Wednesday, January 31, 2007

WHM/NHC Nutrition Program

The World Harvest Mission/Nyahuka Health Center Nutrition Program has been operational for over 3 years. Missionaries, Nyahuka Health Center workers and community volunteers have worked to provide food to moderately to severely malnourished children, motherless infants and children affected by HIV/AIDS. Bi-weekly, children come to be weighed, to receive food rations and medical attention.

o FOOD: World Food Program has donated food for that past few years, but has recently given us the final food allowance, as they are funneling their resources to Uganda’s war-torn north. We will use the remaining food for extreme cases only and it should last a few more months.
o MILK: World Harvest Mission’s Uganda Infant Diaconal Fund (funded by individual donors like you and Bread & Water for Africa) has been supplying the program with milk. A stipend is provided for women who act as surrogate breastfeeders. Boxed milk or formula is provided for those who have no wet nurse. It costs about $1/day for these artificial milk feeds. We’d like to provide families with dairy goats as a more sustainable source of milk (Matiti Project).


This is Pat Abbott. She has been an incredible assest to this team for over 15 years. Her warm way of interacting with people allows her to enjoy rich relationships with many Ugandans.
Over the past few years, she has run two weekly pychosocial support groups for people living with HIV/AIDS. She has also weighed, measured and cared for many young children in the World Harvest Mission/Nyahuka Health Center Nutrition Program.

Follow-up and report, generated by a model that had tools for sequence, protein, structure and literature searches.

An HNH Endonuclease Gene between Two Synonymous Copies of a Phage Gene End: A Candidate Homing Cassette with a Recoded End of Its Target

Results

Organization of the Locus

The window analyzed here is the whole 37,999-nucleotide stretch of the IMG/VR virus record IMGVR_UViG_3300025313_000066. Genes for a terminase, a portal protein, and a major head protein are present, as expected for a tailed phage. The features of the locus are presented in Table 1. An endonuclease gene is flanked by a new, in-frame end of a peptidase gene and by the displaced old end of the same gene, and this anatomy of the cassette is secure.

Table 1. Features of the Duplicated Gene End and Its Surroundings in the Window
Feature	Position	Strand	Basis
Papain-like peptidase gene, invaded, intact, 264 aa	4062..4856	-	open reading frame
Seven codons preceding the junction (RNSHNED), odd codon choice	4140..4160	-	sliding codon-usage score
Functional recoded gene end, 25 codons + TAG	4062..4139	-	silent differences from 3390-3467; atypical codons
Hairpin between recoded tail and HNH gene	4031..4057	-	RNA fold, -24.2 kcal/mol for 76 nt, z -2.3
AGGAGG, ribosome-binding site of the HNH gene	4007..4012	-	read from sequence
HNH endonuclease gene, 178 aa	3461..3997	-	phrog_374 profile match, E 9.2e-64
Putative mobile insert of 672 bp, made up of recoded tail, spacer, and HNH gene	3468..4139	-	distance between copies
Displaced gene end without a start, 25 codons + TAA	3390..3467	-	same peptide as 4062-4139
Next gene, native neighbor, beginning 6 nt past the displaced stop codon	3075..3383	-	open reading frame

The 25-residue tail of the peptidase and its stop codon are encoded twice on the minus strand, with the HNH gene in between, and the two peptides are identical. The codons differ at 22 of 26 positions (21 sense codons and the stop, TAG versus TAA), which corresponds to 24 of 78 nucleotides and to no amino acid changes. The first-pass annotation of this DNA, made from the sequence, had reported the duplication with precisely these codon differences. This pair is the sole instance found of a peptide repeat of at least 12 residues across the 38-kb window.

Currently she is on Home Ministry Assignment in the States until May. She is hoping to catch up with a lot of you during that time.

Matiti Project

Matiti means milk in Lubwisi, the local language. Goats are plentiful in this area and are great for meat. Cows are scarce. Local goat milk production is very poor. Formula is too expensive for families. Therefore, when mothers die in childbirth or of prevelant diseases, milk for an infant left behind is difficult to find.
The best care for that infant is a wet nurse, and many kind aunts and even grandmothers have been so willing to care for children this way.
When a wet nurse is unavailable, we give boxed milk. This is expensive and not sustainable.
The Matiti Project is introducing dairy goats to the area. Lamech and Pauline are Ugandan agricultural extention workers who have come to train the communities in the care, feeding, breeding and milking of these animals as well as providing veterinary assistance.
Last spring we brought 47 goats into the district and look forward to bringing in many more this spring. We hope that they will provide nourishment for motherless infants as well as children of HIV+ mothers.


Hi, I’m Karen Masso. I’ve been living in Bundibugyo since 1995. The nutrition projects I’m currently involved in are the Matiti Project and the World Harvest Mission/Nyahuka Health Center Nutrition Program which carries out regular food distributions.

Tuesday, January 30, 2007


Welcome to Surviving and Thriving! There are many people on our World Harvest Team in Bundibugyo with a hand in nutrition assistance. We hope this blog will give you an overview of the work as well as a peek into the day to day happenings here.